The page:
Writing and thinking about higher education and the future of the Ph.D., as well as Nineteenth-Century American Literature and Culture, Religious Writing, Evangelical Fiction, Melville, Hawthorne, Stowe.

Current book project: Leadership and the Imagination



Co-editor, (with Leanne Horinko and Jordan Reed): The Reimagined Ph.D. (Rutgers UP, 2021)

Book Chapters

“Academia is an Ecosystem: (Re)Thinking with Quit Lit.” In Leaving the GroveA Quit Lit Reader (Syracuse University Press, 2022.)

What is academia anyway, and why is it persistently imagined as a space in which one can remain or which one must leave completely and utterly? This short essay will argue that our language—beginning with choices as simple as the prepositions we use when discussing doctoral education—reflects and perpetuates many problems with academia’s conception of the means and ends of doctoral preparation.

“In the Service of Humanity”: Public Spheres and the Past, Present, and Future of Graduate Education.” in Humanities and the Public Sphere, Volume Nine of the Culture & Civilization Book Series (Routledge, in progress, expected publication date: Fall, 2022).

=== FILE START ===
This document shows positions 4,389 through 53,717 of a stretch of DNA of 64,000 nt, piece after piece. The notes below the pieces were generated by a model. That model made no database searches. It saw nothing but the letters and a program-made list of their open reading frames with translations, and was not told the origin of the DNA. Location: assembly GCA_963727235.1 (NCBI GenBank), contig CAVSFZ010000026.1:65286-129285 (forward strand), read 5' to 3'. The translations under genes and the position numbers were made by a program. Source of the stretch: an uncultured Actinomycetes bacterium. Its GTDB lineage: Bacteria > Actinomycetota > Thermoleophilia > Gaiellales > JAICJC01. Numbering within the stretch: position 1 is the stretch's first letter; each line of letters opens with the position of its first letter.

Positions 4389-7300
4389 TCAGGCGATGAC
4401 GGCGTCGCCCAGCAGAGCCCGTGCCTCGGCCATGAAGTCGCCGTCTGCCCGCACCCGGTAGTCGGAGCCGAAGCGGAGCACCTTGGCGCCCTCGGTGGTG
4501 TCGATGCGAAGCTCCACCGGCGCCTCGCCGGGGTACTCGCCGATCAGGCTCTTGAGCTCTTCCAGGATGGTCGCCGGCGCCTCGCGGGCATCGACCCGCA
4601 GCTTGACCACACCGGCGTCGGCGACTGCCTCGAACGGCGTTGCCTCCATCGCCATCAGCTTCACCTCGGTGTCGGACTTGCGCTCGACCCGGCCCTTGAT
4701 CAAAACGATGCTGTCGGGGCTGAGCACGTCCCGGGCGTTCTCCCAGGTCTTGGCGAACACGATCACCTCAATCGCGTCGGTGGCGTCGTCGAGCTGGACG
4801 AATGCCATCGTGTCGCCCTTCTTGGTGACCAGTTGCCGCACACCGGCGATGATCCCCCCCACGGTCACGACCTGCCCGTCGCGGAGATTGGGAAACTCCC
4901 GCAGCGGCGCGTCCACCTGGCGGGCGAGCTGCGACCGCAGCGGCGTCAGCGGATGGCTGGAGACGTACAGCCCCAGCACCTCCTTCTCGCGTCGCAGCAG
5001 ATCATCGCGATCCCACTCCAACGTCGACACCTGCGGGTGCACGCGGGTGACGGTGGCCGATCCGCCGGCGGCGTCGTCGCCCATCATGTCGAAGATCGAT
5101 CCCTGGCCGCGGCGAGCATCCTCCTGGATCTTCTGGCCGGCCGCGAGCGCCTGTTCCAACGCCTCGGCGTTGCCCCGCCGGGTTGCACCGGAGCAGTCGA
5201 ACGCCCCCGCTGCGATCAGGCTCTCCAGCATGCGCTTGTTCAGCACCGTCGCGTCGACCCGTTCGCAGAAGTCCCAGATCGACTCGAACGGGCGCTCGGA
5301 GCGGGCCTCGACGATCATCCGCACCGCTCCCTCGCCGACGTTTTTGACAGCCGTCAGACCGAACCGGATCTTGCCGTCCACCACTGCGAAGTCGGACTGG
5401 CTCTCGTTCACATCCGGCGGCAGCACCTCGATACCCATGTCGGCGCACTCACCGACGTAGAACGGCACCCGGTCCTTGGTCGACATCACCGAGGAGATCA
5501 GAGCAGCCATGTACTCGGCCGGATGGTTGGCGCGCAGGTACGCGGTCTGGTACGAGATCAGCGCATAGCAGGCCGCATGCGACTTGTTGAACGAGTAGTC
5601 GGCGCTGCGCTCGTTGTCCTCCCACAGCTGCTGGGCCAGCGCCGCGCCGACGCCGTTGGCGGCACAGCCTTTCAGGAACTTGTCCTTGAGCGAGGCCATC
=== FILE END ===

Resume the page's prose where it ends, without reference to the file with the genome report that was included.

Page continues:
If the humanities are to have a resurgence in the public sphere, graduate students can and should lead the charge. If they are to do so, graduate education in the humanities must adapt to our historic moment, by putting public engagement in the center of the training of graduate students, and rewarding work that is public-facing in ways we currently do not. This chapter will look at the ways a variety of humanities departments have already begun this pivot, and points towards steps that still need to be made.”


Academia is Not a Container.” Nov 2, 2020. Inside Higher Ed.

“Let’s resist simplistic language when describing the careers of people who exist in much more complicated relationships to higher education than our current crop of metaphors allow. Instead of thinking academia as a container, let’s come up with better metaphors. More important, let’s use them to together reimagine the future of the Ph.D.”

“Graduate Students Need to Think Differently About Time.” Sep 9, 2019. Inside Higher Ed.

I am more and more convinced that the ways the brain shifts during Ph.D. training can shift the world. The competencies that emerge out of this crucible equip Ph.D.s for the 21st century in ways unmatched by any other form of training. The Ph.D. clearly has a problem with time, however. Doctoral training shouldn’t take as long as it does, nor should it be as hard as it is to find a job that values the Ph.D.”